We have been writing a lot on higher-order data transforms lately:
What I want to do now is "write a bit more, so I finally feel I have been concise."
Continue reading Arbitrary Data Transforms Using cdata
I have just released some simple RStudio add-ins that are great for creating keyboard shortcuts when working with pipes in R.
You can install the add-ins from here (which also includes both installation instructions and use instructions/examples).
Just wrote a new
R article: “Data Wrangling at Scale” (using Dirk Eddelbuettel’s tint template).
Please check it out.
We have just released a major update of the
cdata R package to CRAN.
If you work with
R and data, now is the time to check out the
cdata package. Continue reading Update on coordinatized or fluid data
Our article "Let’s Have Some Sympathy For The Part-time R User" includes two points:
- Sometimes you have to write parameterized or re-usable code.
- The methods for doing this should be easy and legible.
The first point feels abstract, until you find yourself wanting to re-use code on new projects. As for the second point: I feel the
wrapr package is the easiest, safest, most consistent, and most legible way to achieve maintainable code re-use in
In this article we will show how
wrapr makes code-rewriting even easier with its new
let x=x automation.
Continue reading Let X=X in R
As part of our consulting practice Win-Vector LLC has been helping a few clients stand-up advanced analytics and machine learning stacks using
R and substantial data stores (such as relational database variants such as
PostgreSQL or big data systems such as
Often we come to a point where we or a partner realize: "the design would be a whole lot easier if we could phrase it in terms of higher order data operators."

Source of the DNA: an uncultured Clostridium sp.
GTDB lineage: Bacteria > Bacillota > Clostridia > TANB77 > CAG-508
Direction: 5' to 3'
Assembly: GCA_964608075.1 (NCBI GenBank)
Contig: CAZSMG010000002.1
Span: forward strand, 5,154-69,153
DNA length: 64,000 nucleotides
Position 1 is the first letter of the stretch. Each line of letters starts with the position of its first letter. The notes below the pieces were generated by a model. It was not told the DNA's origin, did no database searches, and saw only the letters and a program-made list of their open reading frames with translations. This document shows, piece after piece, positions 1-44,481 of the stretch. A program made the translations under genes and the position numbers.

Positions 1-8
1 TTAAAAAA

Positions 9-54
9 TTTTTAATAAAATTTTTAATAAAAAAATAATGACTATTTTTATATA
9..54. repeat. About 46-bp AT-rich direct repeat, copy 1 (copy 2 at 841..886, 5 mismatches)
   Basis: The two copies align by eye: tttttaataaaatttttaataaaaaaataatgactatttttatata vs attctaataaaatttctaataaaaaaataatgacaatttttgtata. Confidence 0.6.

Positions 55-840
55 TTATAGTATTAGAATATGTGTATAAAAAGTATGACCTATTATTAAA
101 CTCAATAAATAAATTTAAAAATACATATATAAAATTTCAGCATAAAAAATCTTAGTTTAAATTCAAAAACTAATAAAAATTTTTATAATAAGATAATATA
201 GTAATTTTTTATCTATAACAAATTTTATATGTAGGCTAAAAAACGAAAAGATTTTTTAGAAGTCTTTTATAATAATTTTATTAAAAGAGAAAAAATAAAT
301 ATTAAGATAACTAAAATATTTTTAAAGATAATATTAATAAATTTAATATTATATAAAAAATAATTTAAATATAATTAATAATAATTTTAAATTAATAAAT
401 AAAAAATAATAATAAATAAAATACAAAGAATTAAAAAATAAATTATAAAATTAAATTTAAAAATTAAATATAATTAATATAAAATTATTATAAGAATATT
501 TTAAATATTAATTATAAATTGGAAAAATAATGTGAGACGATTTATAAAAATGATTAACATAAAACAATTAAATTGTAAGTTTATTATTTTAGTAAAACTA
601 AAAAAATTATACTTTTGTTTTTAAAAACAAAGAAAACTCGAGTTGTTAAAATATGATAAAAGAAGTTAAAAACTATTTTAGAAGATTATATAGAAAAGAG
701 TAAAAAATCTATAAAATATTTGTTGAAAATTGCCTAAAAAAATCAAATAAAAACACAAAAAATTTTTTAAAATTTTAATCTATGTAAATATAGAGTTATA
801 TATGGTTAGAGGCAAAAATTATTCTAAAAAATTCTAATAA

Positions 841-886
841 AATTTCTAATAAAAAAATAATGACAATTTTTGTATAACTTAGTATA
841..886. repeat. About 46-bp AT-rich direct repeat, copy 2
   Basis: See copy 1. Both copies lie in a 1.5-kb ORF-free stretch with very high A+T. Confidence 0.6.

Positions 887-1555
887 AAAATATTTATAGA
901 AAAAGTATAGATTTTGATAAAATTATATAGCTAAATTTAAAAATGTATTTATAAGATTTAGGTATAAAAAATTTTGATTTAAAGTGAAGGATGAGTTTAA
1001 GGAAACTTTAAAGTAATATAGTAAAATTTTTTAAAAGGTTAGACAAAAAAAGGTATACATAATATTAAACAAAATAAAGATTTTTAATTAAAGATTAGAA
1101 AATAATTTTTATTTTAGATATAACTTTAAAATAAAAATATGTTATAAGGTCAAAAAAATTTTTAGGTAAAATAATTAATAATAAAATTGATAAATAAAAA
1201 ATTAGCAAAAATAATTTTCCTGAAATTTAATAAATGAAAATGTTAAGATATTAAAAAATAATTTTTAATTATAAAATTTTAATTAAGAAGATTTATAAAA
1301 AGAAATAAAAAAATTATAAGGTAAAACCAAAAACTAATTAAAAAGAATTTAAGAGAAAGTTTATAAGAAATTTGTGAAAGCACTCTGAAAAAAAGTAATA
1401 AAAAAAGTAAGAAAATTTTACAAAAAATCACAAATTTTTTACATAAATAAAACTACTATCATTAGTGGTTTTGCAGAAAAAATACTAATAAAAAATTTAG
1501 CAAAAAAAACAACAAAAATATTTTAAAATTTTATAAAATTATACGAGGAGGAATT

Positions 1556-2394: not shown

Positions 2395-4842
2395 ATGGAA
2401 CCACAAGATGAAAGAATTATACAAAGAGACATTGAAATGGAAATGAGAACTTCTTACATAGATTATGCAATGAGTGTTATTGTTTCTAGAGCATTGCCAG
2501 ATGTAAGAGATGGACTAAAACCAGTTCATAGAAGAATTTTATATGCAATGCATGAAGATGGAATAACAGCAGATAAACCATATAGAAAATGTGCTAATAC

Continue reading Big Data Transforms
I am pleased to announce that
vtreat version 0.6.0 is now available to
R users on CRAN.
vtreat is an excellent way to prepare data for machine learning, statistical inference, and predictive analytic projects. If you are an
R user we strongly suggest you incorporate
vtreat into your projects. Continue reading Upcoming data preparation and modeling article series
My favorite advice on debugging is from Professor Norman Matloff:
Finding your bug is a process of confirming the many things that you believe are true – until you find one that is not true.
Continue reading On debugging
There are substantial differences between ad-hoc analyses (be they: machine learning research, data science contests, or other demonstrations) and production worthy systems. Roughly: ad-hoc analyses have to be correct only at the moment they are run (and often once they are correct, that is the last time they are run; obviously the idea of reproducible research is an attempt to raise this standard). Production systems have to be durable: they have to remain correct as models, data, packages, users, and environments change over time.
Demonstration systems need merely glow in bright light among friends; production systems must be correct, even alone in the dark.
“Character is what you are in the dark.”
John Whorfin quoting Dwight L. Moody.
I have found: to deliver production worthy data science and predictive analytic systems, one has to develop per-team and per-project field tested recommendations and best practices. This is necessary even when, or especially when, these procedures differ from official doctrine.
What I want to do is share a single small piece of Win-Vector LLC‘s current guidance on using the
dplyr. Continue reading My advice on dplyr::mutate()